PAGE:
Tuesday, May 6, 2014

Containment Protocols

There are few game concepts as disgusting as alternate-reality, and I dread the spreading infection from this self-congratulatory fad through computer games. "Alternate" reality? That's a game. Polluting that alternate reality with real-world tangents is not alternate. This imbecilic doublethink deserves no recognition or consideration, should be given no mercy or quarter and should be eliminated from the game industry. But let me backtrack a bit.

A game should always be self-contained. Ideally, all a player should be allowed to input is personal intellectual (and to a lesser extent physical) ability. I will not bother explaining or justifying this demand, except with one word: fairness.
By the same token, the external world should not impact the game. One does not play a rousing samba during a tennis match. Your little brother knocking over the chess board cannot be said to be participating in the game. The Ace of Base song playing over the radio is not a part of the poker game. Computer games are games. They are activities in themselves, worlds in themselves, separate from the disgusting pile of trash commonly called "reality." To purposely allow meatspace to invade such escapist fantasies is sacrilege. Making a virtue of such sacrilege is just plain stupid.

I got started on The Secret World's latest batch of content. They must've read my last post, because these are in essence exactly what I demanded: more single-player adventure-game styled story missions, more of what TSW actually does well. The "Sidestories" content so far, though low-budget, seems decent in terms of writing. Unfortunately it moves even further from game content into mere social interaction. Clues are buried so nonsensically deep that they are obviously intended to be solved, once again, via herd mentality and not individual perspicacity. Having you count your character's footsteps is a nice gimmick and would have been entertaining for say, ten or twenty steps. But hundreds of steps? This is blatant cheat-sheet fodder.

However, the most aggravating and worrisome development is the expansion of TSW's reliance on external sources. From the start, the game forced you to search for various tidbits online, occasionally sending you to fake websites which contained mission clues. This is the sort of narrow-minded fad gimmickry which makes old movies like The Invisible Man so painful to watch. Kids today likes them that "internets" thang, right? Well, then, let's make it clear we're one with the spirit of the age. Let's keep reinforcing the fact that this is an Internets game. Keep sending them out to the internets to look at internets stuff. Make them use that edgy new technology.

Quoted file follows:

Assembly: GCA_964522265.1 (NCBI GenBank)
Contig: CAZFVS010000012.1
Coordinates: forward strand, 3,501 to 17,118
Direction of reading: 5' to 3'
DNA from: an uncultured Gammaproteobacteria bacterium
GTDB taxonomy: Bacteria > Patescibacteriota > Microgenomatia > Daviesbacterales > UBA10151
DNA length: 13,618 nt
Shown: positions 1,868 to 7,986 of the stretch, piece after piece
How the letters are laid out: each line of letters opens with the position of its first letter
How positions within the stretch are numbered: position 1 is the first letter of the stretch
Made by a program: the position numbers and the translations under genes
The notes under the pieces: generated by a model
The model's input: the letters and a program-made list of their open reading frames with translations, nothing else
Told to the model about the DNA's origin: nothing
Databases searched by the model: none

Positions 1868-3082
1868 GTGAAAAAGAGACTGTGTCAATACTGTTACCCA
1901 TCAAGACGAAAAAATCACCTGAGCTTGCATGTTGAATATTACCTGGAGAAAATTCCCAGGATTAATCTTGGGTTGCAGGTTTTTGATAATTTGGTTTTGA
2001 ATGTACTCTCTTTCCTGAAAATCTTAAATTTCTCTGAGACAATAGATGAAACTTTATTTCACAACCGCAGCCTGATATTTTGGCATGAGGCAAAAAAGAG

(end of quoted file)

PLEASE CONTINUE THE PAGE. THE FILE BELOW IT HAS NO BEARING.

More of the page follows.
It's cheap. It's gratuitous. It's ridiculous. There is no information which you convey through a fake website which could not have been included in the game itself. The game is the world and all information pertaining to that world should be contained within it. I simply cannot fathom the mentality which drools at the idea of being forced to watch last night's news to get a clue for an in-game mission. If you want meatspace content, stay in meatspace. If you want to interact with "real" people, go to the park.

The very first mission chain in Sidestories began throwing the player into so-called alternate reality content. It gives you a phone number to call. A real phone number with a voicemail message giving you the mission clue. This is not clever. It is idiotic to ask me to make a transatlantic call when you could have recorded the same message in-game. Another clue is contained in a bar code. You have to scan it yourself. Very nice idea, but then you have to give me bar code scanners as in-game items, not make me have to print the damn thing or however else I was expected to have it read. There is no excuse for making me leave your product to play your product.
Even at its most basic, this alternate reality concept is utter tripe. If I have to take notes in your game, then my character should have a notebook. If I have to make phone calls, then give my character a cellphone, don't ask me to run up my phone bill calling England.

You know what? Forget specifics. There are endless examples of such cretinous need to feel "connected" while playing a game. Voice chat is a prime example. Publicly posted achievements are another. But it is inexcusably moronic. It is sick. To force the player back into the world he seeks to escape through your game is sick. The human world is a disgusting ape-infested pile of shit and games exist to provide activity external to that pile. Once you jack in, the outer world should not exist until you decide to jack out again.
That is all. No compromise. No excuses. Provide a full product, an immersive, all-consuming stand-alone experience, not a browser extension.
And knock it off with your idiotic Orwellian newspeak. This-reality is not alternate-reality. It is in fact, quite the opposite. Show some damn imagination and abandon the human world. Separate yourself from yourself.

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